When you love what you do, it isn’t considered a job – right? I continue to be amazed by the people I get to work with and the changes we see every day. It was truly an honor to be elected by our Chairman and Board of Directors to be the CEO of Decker.
Getting to run Decker with my wife Kelly is fun, and we don’t usually think of our titles or take them that seriously. I suppose that’s one reason why Bert Decker is an important mentor and Chairman – he emphasizes the value of roles and titles as our organization continues to grow. This new title has made me look at how I challenge myself to improve and help lead this company to more lofty goals.
I recently got to work with an advisor to many great CEOs, Kirk Dando, who runs Dando Advisors. I told him that so much of what we do with our C-level clients is similar. He pushes them to find their weaknesses and be proactive vs. reactive – with a focus on strategy and process. My colleagues and I do the same thing – keeping our focus on communication. In both cases, that extra push makes a big difference.
This week, we issued a press release that shared our 2012 results – results we achieved by pushing our partners to new heights. We kicked off 2013 at Decker by pushing our team to new heights, too. I loved that we got out of our comfort zones with The Second City, working through improv and thinking on our feet. It was also encouraging that Bert saw the value of our collaborative leadership style.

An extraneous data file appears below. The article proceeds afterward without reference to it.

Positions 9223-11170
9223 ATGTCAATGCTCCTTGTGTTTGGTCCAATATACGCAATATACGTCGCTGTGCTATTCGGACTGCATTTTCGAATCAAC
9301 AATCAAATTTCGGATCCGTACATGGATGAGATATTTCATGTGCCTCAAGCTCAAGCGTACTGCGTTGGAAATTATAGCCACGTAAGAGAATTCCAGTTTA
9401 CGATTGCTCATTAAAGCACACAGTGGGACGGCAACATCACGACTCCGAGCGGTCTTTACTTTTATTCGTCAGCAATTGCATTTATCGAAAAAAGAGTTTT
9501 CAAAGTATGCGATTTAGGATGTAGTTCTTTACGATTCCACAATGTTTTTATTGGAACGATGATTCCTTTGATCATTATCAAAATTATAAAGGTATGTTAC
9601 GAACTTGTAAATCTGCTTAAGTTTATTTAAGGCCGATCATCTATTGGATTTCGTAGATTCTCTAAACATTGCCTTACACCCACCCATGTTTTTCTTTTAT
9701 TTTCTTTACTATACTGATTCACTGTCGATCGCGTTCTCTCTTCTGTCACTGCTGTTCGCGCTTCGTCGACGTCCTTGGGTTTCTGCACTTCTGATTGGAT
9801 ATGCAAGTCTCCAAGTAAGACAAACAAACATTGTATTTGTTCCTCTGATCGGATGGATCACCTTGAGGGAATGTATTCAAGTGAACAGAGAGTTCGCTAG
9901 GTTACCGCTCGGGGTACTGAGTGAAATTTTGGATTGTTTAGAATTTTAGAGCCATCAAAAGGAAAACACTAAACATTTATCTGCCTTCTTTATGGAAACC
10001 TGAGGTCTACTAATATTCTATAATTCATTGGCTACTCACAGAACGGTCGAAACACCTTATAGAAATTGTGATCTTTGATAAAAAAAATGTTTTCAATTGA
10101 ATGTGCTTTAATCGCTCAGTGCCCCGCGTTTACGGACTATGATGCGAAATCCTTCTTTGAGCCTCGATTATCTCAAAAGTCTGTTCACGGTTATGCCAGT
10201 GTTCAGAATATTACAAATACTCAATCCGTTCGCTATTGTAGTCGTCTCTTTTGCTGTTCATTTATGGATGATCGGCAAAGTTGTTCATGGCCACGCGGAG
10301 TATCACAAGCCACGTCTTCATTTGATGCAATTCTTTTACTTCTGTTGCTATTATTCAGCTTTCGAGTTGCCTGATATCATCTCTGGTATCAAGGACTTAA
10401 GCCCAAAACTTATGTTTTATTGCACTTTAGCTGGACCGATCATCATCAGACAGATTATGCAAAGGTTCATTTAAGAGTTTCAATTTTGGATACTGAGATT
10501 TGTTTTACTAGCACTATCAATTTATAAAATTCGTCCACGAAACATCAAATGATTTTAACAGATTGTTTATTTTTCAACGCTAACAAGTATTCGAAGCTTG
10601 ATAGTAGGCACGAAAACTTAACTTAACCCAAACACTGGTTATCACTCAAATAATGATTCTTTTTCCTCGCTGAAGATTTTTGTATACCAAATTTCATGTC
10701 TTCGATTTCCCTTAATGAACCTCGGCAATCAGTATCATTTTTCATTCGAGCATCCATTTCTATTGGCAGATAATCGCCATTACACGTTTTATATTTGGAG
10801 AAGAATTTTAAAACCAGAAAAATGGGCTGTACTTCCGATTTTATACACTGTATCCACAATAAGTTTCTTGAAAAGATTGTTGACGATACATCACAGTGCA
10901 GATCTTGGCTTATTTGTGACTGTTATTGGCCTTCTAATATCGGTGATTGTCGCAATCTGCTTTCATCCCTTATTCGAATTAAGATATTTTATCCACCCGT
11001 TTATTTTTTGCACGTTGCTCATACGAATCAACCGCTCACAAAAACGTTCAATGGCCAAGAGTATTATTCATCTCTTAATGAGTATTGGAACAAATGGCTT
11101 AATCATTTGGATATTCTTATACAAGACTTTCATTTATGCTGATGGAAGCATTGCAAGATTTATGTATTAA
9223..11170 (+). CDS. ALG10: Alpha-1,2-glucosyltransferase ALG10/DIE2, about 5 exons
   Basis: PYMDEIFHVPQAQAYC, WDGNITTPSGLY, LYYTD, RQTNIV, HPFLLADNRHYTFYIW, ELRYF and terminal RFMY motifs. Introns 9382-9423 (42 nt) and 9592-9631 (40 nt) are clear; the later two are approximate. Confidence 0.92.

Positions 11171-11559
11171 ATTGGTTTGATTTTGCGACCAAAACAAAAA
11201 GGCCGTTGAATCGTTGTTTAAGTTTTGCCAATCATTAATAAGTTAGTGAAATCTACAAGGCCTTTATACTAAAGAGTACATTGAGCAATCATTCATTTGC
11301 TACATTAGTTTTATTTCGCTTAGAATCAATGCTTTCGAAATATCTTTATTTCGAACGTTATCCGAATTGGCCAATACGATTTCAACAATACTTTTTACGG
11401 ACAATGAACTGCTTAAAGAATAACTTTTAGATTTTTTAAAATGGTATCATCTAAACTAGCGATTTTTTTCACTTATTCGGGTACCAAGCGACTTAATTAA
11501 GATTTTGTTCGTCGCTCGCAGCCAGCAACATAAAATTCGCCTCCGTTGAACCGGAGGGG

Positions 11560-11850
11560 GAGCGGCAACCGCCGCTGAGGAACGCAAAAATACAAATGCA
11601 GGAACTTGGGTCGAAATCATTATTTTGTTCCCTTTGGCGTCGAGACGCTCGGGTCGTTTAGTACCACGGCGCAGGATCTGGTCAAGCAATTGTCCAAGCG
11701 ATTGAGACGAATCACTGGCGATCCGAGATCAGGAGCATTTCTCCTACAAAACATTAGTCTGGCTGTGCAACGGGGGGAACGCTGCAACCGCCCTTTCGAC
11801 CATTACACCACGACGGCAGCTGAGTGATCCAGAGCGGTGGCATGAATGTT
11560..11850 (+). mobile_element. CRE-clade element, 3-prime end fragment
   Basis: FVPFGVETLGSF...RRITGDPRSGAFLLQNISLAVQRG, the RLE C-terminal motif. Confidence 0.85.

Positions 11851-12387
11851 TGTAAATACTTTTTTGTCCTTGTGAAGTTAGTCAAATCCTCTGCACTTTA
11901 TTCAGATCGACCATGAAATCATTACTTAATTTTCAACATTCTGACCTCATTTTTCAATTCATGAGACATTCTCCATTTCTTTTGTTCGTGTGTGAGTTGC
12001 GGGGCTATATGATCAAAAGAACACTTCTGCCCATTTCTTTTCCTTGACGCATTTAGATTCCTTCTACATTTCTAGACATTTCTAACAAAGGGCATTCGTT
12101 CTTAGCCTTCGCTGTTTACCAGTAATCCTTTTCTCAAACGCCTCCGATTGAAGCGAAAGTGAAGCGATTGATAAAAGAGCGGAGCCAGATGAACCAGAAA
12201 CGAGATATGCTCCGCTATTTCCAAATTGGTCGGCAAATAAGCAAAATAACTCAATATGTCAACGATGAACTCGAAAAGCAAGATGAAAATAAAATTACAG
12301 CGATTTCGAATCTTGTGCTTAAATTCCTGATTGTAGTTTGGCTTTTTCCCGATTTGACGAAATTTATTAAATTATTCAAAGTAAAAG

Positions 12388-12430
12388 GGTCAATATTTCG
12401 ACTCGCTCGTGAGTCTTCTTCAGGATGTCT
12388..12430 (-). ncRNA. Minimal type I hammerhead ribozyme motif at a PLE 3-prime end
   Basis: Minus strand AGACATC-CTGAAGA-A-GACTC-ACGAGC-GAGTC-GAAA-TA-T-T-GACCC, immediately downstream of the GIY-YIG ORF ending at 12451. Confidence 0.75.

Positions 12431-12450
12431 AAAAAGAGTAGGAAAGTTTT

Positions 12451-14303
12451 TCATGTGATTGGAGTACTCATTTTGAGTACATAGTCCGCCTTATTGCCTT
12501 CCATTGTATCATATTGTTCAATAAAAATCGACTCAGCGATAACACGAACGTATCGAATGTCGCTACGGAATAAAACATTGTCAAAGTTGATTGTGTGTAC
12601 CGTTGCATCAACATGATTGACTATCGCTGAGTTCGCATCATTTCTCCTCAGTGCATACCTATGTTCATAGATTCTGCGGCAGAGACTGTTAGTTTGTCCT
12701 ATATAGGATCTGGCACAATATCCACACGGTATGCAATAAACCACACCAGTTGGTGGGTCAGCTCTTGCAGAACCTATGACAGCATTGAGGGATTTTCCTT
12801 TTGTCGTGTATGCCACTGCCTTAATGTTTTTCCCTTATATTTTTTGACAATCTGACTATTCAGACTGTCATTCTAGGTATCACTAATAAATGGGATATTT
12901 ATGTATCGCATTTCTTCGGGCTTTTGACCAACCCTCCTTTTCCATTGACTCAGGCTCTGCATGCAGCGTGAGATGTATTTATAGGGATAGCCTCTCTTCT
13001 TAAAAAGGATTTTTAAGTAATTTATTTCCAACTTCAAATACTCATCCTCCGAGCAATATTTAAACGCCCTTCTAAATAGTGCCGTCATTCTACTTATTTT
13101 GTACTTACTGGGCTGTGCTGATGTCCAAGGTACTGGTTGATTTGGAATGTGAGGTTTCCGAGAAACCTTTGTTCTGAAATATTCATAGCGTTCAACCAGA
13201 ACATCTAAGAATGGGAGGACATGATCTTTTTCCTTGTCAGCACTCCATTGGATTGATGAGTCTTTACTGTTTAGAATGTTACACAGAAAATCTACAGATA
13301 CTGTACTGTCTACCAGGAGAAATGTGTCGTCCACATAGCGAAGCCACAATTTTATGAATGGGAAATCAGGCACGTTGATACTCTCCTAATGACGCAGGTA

This Sunday, many of us will watch a strong leader think on his feet, literally. I’m referring to Jim Harbaugh, head coach of the Super Bowl-bound San Francisco 49ers. According to journalist Dan Nakaso, Harbaugh uses his intensity to fire up those around him and isn’t afraid to make tough decisions. His passion bleeds through, letting his team know that he cares.
I regularly coach CEOs and leaders to do exactly what Harbaugh does: Show people that you care. As leaders, of course we care, but it doesn’t always come across that way. That’s why when we communicate, we always have to begin by considering our listeners’ point of view.
Communication, like most phases of our lives, is a process of continuous improvement. So, too, is leadership. Today when I change my title on my LinkedIn profile, something that I once considered a formality, it will now serve as a reminder to keep looking forward and always continue to improve.
(Oh yeah, and Go Niners!)